5. Apparatus to add a liquid to a container comprising a conduit positioned above the container so that a liquid in said conduit can fall into said container, a valve in said conduit to regulate the rate of addition of liquid to said container from said conduit, a radiation detector, means to direct a beam of radiation on said detector in a direction so that liquid falling from said conduit interrupts said beam, a stepping switch, means responsive to the output of said radiation detector for energizing said stepping switch each time said beam is interrupted, means for establishing a first signal representative of the expiration of a predetermined time interval, means to actuate said stepping switch and simultaneously actuate said means for establishing a first signal, a reversible motor connected to said valve, said motor being rotatable in a first direction to open said valve and in a second direction to close said valve, means responsive to said first signal and to the energization of a predetermined position of said stepping switch to cause said motor to rotate in said first direction during the interval between the occurrence of said first signal and the occurrence of the energization of said predetermined position when the occurrence of said first signal precedes the energization of said predetermined position and to cause said motor to rotate in said second direc tion during the interval between the occurrence of the energization of said predetermined position and the occurrence of said first signal when the occurrence of the energization of said predetermined position precedes the occurrence of said first signal, to maintain the flow of liquid from said conduit at a predetermined rate.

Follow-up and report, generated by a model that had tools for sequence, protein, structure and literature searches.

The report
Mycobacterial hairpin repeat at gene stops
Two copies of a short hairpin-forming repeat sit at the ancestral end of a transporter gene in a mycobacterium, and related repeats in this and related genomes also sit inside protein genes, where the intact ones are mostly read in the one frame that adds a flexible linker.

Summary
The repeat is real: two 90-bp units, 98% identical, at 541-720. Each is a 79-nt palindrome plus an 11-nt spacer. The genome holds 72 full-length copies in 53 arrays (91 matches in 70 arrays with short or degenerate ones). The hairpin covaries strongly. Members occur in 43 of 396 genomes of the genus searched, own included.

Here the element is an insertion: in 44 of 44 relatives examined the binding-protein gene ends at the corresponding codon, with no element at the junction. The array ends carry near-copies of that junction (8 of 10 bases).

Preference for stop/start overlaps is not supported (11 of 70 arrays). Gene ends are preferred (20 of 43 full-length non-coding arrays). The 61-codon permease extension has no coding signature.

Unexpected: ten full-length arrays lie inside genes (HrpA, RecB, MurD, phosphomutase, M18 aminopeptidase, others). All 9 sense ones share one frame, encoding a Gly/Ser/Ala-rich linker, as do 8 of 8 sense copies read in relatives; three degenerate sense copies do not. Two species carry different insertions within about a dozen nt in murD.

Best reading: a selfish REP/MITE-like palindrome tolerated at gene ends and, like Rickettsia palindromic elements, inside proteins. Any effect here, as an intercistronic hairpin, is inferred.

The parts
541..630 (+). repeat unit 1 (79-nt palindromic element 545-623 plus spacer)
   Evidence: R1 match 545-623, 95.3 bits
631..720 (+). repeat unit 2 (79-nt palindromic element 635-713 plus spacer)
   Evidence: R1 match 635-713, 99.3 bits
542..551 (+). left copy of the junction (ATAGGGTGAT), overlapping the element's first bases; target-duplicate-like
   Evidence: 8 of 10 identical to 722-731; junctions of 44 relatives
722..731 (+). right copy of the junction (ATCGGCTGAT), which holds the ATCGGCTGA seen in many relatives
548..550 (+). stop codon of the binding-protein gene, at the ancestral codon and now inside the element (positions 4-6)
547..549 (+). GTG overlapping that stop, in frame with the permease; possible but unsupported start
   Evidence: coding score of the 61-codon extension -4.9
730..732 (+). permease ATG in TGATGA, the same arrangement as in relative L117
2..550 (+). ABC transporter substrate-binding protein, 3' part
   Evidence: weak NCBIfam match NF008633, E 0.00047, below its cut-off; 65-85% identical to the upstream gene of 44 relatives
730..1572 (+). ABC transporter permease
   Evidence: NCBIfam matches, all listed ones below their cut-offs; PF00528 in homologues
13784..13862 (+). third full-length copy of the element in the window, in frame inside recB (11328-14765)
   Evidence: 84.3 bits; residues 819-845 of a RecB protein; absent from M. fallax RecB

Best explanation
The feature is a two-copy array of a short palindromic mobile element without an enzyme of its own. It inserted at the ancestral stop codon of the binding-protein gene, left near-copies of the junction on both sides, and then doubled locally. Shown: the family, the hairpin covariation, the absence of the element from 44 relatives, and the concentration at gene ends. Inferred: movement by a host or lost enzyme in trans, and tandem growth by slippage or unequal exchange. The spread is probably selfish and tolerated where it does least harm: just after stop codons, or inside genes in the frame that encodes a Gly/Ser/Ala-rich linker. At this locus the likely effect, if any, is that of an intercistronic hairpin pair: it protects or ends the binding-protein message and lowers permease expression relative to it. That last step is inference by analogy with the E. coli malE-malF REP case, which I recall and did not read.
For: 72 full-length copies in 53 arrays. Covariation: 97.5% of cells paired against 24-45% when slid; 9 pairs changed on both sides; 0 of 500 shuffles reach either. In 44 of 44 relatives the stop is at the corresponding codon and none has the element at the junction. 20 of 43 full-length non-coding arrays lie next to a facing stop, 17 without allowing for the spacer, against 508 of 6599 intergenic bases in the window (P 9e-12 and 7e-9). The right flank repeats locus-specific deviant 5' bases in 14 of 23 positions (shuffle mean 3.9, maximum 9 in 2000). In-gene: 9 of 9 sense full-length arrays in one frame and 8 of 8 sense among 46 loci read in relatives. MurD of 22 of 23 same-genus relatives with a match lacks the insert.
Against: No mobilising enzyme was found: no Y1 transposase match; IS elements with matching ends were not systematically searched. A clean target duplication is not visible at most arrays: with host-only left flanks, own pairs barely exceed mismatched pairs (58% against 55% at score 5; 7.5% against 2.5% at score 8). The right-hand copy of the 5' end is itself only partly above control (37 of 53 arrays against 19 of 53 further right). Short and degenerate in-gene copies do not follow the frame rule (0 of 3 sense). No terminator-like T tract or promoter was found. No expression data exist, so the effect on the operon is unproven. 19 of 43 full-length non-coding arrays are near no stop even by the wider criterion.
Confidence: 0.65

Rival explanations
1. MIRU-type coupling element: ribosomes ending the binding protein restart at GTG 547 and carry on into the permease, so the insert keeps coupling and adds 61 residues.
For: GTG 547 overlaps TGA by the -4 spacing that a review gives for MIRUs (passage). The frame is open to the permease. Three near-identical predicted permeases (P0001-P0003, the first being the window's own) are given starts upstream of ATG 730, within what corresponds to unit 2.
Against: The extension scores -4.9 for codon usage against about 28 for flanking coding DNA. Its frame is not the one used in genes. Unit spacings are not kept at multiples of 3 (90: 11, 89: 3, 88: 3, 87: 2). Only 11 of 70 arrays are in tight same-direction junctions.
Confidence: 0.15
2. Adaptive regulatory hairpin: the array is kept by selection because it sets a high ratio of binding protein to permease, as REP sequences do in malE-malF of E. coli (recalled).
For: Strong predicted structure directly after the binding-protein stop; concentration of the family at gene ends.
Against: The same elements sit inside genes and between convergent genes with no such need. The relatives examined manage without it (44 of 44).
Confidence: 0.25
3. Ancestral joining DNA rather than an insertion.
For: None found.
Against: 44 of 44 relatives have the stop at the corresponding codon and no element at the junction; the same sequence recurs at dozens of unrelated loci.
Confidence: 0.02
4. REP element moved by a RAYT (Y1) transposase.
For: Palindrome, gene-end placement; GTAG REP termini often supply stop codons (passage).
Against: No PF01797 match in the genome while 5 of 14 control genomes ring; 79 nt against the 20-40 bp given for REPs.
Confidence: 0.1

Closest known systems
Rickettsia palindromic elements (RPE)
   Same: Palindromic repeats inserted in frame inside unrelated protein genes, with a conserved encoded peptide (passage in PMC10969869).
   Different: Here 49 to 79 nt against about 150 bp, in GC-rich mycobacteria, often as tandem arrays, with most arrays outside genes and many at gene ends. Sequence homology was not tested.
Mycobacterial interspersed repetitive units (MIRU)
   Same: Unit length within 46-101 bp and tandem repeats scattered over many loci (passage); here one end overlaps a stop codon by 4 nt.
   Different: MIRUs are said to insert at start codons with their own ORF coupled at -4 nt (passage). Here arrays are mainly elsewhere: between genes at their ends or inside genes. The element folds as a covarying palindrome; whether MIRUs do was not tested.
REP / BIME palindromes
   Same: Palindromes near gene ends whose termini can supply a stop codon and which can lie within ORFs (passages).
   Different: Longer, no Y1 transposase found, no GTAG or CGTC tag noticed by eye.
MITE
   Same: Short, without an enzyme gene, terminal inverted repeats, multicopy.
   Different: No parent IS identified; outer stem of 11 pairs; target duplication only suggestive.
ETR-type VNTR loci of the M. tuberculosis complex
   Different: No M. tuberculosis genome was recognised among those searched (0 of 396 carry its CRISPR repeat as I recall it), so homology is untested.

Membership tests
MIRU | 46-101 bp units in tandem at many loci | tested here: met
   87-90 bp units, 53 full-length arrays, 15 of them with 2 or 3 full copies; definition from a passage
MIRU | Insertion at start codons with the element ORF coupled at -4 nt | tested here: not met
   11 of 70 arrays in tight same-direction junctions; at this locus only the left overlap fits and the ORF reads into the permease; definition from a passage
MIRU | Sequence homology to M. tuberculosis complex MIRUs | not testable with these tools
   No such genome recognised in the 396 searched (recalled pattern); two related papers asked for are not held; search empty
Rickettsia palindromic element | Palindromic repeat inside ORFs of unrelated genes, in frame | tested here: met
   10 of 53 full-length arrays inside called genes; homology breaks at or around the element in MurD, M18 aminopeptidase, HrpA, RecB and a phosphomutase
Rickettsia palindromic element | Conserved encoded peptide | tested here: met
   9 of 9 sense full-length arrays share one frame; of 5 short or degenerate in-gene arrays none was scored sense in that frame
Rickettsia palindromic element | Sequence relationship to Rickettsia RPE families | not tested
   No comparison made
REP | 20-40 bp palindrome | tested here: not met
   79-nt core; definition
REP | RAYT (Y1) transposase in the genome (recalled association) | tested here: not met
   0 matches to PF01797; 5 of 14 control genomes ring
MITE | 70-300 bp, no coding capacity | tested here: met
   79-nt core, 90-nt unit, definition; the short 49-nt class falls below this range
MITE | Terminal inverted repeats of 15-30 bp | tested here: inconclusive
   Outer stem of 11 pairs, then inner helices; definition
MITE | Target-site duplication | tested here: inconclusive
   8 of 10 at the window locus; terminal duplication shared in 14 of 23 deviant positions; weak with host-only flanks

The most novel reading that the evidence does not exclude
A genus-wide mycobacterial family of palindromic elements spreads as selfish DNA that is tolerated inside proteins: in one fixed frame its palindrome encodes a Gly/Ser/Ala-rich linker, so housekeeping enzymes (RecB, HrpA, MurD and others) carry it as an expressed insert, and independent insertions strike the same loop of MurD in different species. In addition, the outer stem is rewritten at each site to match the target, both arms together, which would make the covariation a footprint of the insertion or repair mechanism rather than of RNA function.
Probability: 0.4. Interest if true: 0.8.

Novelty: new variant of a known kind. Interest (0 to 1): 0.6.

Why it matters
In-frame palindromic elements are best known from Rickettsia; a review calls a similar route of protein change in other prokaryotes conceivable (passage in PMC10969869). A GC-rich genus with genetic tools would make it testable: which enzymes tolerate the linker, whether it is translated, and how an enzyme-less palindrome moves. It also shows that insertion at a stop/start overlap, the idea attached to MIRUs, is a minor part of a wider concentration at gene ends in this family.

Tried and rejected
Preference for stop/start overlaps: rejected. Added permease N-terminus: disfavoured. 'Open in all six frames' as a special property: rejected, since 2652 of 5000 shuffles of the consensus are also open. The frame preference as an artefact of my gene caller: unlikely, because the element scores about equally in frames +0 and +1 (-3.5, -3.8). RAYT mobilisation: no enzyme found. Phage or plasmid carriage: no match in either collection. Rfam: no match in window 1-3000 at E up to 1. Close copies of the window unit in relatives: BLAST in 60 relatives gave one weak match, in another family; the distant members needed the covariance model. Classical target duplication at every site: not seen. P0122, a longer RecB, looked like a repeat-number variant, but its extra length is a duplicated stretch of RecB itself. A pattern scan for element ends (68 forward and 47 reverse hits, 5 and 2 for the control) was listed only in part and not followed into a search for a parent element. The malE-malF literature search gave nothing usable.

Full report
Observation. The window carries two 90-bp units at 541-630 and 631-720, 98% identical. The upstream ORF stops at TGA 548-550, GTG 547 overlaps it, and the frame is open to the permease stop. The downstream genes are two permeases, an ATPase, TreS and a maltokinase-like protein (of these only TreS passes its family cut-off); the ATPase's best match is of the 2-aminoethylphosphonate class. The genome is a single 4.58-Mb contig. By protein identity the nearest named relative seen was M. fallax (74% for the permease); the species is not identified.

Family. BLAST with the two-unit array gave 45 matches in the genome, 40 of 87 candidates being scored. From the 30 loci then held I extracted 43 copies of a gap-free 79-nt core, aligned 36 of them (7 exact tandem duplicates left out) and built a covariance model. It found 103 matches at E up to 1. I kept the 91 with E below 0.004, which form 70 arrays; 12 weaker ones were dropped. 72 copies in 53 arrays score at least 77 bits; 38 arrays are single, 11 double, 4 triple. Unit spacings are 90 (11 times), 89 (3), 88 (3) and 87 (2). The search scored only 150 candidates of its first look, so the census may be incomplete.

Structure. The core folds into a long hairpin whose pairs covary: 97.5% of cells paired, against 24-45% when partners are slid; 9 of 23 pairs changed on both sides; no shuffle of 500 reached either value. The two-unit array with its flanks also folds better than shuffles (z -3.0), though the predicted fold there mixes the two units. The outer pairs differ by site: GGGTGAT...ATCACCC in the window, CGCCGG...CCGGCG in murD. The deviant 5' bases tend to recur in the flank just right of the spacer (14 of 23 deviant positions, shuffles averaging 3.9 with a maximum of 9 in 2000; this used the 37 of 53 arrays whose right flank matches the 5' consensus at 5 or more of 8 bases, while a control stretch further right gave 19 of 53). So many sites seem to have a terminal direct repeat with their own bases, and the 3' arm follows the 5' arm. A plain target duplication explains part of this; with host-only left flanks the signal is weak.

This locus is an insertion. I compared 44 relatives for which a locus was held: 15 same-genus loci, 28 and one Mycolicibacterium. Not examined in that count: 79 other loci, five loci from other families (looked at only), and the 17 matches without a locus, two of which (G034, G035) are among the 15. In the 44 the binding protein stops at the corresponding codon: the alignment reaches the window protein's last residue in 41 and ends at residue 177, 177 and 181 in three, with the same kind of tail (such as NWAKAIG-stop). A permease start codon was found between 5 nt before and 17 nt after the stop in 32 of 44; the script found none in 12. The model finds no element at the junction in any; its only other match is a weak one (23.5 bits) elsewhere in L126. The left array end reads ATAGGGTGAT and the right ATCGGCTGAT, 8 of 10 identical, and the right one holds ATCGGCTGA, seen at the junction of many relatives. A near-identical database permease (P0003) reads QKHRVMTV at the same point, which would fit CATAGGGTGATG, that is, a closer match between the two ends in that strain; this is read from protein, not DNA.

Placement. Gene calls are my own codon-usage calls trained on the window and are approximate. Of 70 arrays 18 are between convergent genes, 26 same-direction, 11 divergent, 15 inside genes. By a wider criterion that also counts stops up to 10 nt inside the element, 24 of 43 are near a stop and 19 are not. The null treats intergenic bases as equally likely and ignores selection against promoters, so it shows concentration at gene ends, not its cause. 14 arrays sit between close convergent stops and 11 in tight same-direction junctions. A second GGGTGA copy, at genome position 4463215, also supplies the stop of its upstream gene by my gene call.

References Qited in the file of this patent UNITED STATES PATENTS 2,577,615 Garrison Dec. 4, 1951 2,604,249 Gorham July 22, 1952 2,668,097 Hallikainen Feb. 2, 1954 2,710,715 Gorham July 14, 1955 2,807,012 Schwarz Sept. 17, 1957 2,953,440 Clau-dy Sept. 20, 1960

Patent Citations
Cited PatentFiling datePublication dateApplicantTitle
US2577615 *Sep 8, 1947Dec 4, 1951Shell DevAutomatic distillation apparatus
US2604249 *Sep 5, 1947Jul 22, 1952Technicon Chromatography CorpAutomatic fraction-collection apparatus
US2668097 *May 1, 1950Feb 2, 1954Shell DevContinuous electrometric titration
US2710715 *Apr 17, 1950Jun 14, 1955Technicon Chromatography CorpAutomatic fraction collection apparatus
US2807012 *Jun 8, 1953Sep 17, 1957Schwarz HerbertTransfusion monitoring device
US2953440 *Jun 15, 1956Sep 20, 1960Phillips Petroleum CoAnalyzer and control apparatus
Referenced by
Citing PatentFiling datePublication dateApplicantTitle
US3415247 *Apr 13, 1966Dec 10, 1968Petrole D Aquitaine Soc Nat DeSequential programmers for automatic decompression
US3488030 *Aug 17, 1966Jan 6, 1970Halliburton CoElectrical motor operated valve
US3512956 *Sep 26, 1967May 19, 1970Anaconda CoCopper ore process control
US4987083 *May 18, 1988Jan 22, 1991Apple Glenn DPhotometric analyzer and controller for beverages
Classifications
U.S. Classification137/8, 436/55, 137/487.5, 422/116, 222/420, 222/59
International ClassificationG01N21/77, G01N21/83
Cooperative ClassificationG01N21/83
European ClassificationG01N21/83